On both counts, Trump has Biden beat.

It may be that Trump’s online supporter community is more prolific in the memeosphere. But Roberts suspects it has a lot to do with Trump’s personal brand and communication style. Whereas Biden emphasizes his ability to appeal to all, Trump has a strong viewpoint with unique catchphrases and a distinct-if-polarizing communication style — important meme elements.

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“One thing you want a meme to be is easy to understand. Someone should be able to look at the meme and get what it’s about,” Roberts said.

Does it matter if politicians are meme-able?

On the one hand, internet spaces represent a small segment of the voting population, one that skews younger, Roberts said. And a meme is not the same as casting a vote.

Look no further than the 2020 Democratic primary. Biden drew criticism early in the race for his lack of internet savvy, as my colleague Evan Halper wrote. But his rivals heavily invested in online engagement: Sen. Bernie Sanders (I-Vt.) has become one of the most meme-ed political figures since 2016. Sen. Elizabeth Warren’s campaign set up an elaborate selfie line, the results of which became a meme and earned the Massachusetts Democrat significant attention. Billionaire Michael Bloomberg paid popular Instagram accounts to create meme campaign ads and had his staff create memes (with mixed success.)

In the end, it was Biden who won in 2020, though Sanders and his mittens did inspire a meme just by showing up to the inauguration.

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Still, memes are as complicated as the rest of our communication. They can be vectors for criticism or they can be used to show adoration, as fans of Vice President Kamala Harris have used them. They can amplify existing inequalities surrounding race, gender and class. They can shape entire news cycles. In other words, memes are not without consequence.

The “Dean scream” is considered the first viral online political event, foreshadowing how the media and voters would treat political gaffes. Former Vermont Gov. Howard Dean was at one point the front-runner for the 2004 Democratic nomination for president — then he came in third at the Iowa caucus. During an enthusiastic speech to rally his supporters after the loss, a quirk in the sound recording made it sound as if Dean uttered an odd, guttural “scream.”

Cue the late-night TV jokes, cable segments, internet video mashups with Ozzy Osbourne and Lil Jon songs — and a rumor that the scream ended Dean’s campaign a month later. Dean and those involved with the campaign say he dropped out due to low voter support, though Dean maintains a sense of humor about the scream.

“It is fun to have a trademark like that,” he told NBC on the 15th anniversary of the scream. “It has become iconic because it went viral.”

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Like the “Dean scream,” it’s possible we won’t know exactly how memes — and which ones — affect our political system until years later.

“When we’re studying memes, we’re always playing catch-up,” Roberts said. “By the time you figure out what happened, it’s already over. Maybe we won’t fully understand how it changes the political landscape until it’s in hindsight.”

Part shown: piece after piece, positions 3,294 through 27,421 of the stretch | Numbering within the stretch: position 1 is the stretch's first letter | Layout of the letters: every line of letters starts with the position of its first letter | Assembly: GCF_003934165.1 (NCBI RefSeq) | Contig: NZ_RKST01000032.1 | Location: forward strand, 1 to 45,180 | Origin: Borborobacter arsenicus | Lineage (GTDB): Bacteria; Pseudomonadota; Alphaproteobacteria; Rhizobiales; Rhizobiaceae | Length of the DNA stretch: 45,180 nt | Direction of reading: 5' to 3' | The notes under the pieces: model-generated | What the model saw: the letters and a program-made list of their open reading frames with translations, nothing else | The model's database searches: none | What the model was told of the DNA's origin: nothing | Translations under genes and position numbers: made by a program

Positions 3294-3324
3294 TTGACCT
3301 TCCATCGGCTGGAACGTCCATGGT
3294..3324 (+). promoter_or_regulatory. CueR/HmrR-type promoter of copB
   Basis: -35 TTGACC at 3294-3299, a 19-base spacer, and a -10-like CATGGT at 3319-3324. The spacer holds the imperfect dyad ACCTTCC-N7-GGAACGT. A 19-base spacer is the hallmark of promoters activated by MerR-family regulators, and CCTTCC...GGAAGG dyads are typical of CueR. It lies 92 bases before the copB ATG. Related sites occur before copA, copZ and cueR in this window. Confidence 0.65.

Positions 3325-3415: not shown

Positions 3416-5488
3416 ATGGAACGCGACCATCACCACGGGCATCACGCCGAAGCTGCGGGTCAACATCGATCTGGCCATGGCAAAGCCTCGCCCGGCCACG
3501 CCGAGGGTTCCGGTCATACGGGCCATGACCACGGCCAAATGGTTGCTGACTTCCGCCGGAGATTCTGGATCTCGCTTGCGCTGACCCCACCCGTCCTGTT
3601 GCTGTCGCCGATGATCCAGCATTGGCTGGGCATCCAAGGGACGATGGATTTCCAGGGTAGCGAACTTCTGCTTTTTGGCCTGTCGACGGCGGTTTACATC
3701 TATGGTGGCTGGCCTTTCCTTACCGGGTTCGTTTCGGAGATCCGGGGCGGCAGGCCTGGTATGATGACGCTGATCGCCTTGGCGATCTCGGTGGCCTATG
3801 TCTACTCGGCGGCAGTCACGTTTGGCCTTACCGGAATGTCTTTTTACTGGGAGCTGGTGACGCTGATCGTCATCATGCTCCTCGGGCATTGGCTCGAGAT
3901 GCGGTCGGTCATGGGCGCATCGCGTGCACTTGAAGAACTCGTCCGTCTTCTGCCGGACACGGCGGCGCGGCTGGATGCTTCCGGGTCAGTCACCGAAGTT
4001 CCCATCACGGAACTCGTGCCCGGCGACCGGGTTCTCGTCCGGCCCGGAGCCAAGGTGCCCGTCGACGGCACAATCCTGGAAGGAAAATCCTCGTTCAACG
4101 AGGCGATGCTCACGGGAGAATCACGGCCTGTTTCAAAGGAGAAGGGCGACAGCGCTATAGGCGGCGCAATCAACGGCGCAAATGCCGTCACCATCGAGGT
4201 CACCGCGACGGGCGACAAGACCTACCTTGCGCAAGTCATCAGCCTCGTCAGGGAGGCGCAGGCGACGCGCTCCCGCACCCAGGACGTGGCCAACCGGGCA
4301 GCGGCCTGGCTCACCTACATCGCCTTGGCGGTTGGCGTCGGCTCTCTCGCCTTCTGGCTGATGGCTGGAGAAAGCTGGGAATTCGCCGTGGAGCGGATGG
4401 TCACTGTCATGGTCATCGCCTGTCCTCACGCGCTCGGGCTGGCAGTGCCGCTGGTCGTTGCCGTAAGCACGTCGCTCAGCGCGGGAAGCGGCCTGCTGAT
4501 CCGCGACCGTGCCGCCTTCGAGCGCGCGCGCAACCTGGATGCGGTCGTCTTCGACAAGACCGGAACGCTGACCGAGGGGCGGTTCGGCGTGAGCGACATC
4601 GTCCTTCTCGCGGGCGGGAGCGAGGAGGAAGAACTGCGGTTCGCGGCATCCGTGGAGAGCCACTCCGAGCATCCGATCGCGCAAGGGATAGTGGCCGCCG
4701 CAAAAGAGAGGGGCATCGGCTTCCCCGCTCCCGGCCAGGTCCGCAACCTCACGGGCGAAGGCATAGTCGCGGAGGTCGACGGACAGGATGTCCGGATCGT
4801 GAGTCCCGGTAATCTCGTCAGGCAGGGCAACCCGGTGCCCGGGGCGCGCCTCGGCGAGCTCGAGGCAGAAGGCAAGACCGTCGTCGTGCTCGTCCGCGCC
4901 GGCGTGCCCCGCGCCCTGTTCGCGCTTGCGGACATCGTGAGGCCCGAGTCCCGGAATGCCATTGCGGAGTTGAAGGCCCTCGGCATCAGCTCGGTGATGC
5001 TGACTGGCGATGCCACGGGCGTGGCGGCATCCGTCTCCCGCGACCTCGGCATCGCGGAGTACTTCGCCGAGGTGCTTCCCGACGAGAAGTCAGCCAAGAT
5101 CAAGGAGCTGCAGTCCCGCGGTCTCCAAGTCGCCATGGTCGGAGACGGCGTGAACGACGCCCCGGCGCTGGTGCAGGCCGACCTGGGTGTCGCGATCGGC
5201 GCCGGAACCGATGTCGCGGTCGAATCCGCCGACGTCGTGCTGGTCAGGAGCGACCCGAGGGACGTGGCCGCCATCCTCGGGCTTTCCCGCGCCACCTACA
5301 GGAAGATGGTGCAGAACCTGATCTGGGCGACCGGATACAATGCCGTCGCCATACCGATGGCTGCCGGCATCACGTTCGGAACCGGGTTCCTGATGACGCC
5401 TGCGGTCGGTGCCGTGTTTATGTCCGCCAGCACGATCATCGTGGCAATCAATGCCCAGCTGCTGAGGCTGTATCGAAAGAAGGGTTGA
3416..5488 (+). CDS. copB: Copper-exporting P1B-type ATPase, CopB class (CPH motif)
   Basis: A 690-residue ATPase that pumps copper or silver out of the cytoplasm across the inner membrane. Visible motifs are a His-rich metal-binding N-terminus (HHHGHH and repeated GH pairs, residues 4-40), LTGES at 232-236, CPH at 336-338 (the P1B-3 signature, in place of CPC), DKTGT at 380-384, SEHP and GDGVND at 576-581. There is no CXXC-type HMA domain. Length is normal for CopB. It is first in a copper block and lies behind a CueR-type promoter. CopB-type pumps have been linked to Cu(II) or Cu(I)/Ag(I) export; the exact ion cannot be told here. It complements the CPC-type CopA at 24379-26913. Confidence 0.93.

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The view from Washington

— The latest on infrastructure: Senate Democrats announced Tuesday that they have reached a budget agreement among themselves that would cost $3.5 trillion over the coming decade. The fiscal plan paves the way for Democrats’ drive to fund climate, healthcare and family-service programs.

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— Biden decried new Republican-backed state laws restricting voting rights, calling them “unconscionable” attempts to “deny the will of the people,” Eli Stokols writes. But while he vowed to “vigorously” challenge any efforts to disenfranchise voters, he was blunt about the dim prospects in a deeply polarized Congress.

— Meanwhile, Texas Democrats have become outlaws, fleeing the state as Republican colleagues and Gov. Greg Abbott threatened to arrest and confine them in a dramatic battle over voting rights, reports Hennessy-Fiske.

— As polls show that voters are increasingly concerned about crime, Biden is trying to keep the conversation squarely focused on gun control and violence prevention, Chris Megerian reports.

— And speaking of gun control: Sen. Joe Manchin III (D-W.Va.) will be key in getting any legislation through the Senate. Melanie Mason writes that a 2013 Sandy Hook gun bill offers clues to how he might approach the issue.

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— Harris is making history again — as Republicans’ prime campaign target, writes columnist Mark Z. Barabak.

— U.S. officials Monday pledged to “stand firmly” with Cubans who have unleashed a rare, robust wave of protest. However, they avoided accepting any responsibility for the dire conditions that plague Cuba and deflected criticism for slow progress in the defrosting of the U.S. relationship with Cuba, writes Tracy Wilkinson.

The view from California

— Phil Willon reports that Gov. Gavin Newsom cannot identify himself as a Democrat on the September recall ballot because he missed the deadline to designate his party affiliation, a Superior Court judge in Sacramento ruled Monday.

— As California emerges from the pandemic, state leaders have approved a $100-billion plan to spur the recovery, with checks going out for rent relief, state stimulus payments and grants to businesses, Patrick McGreevy writes.

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— The Supreme Court’s favorite target again this year was the California-based U.S. 9th Circuit Court of Appeals, which saw 15 of its 16 rulings overturned on review, report David G. Savage and Maura Dolan.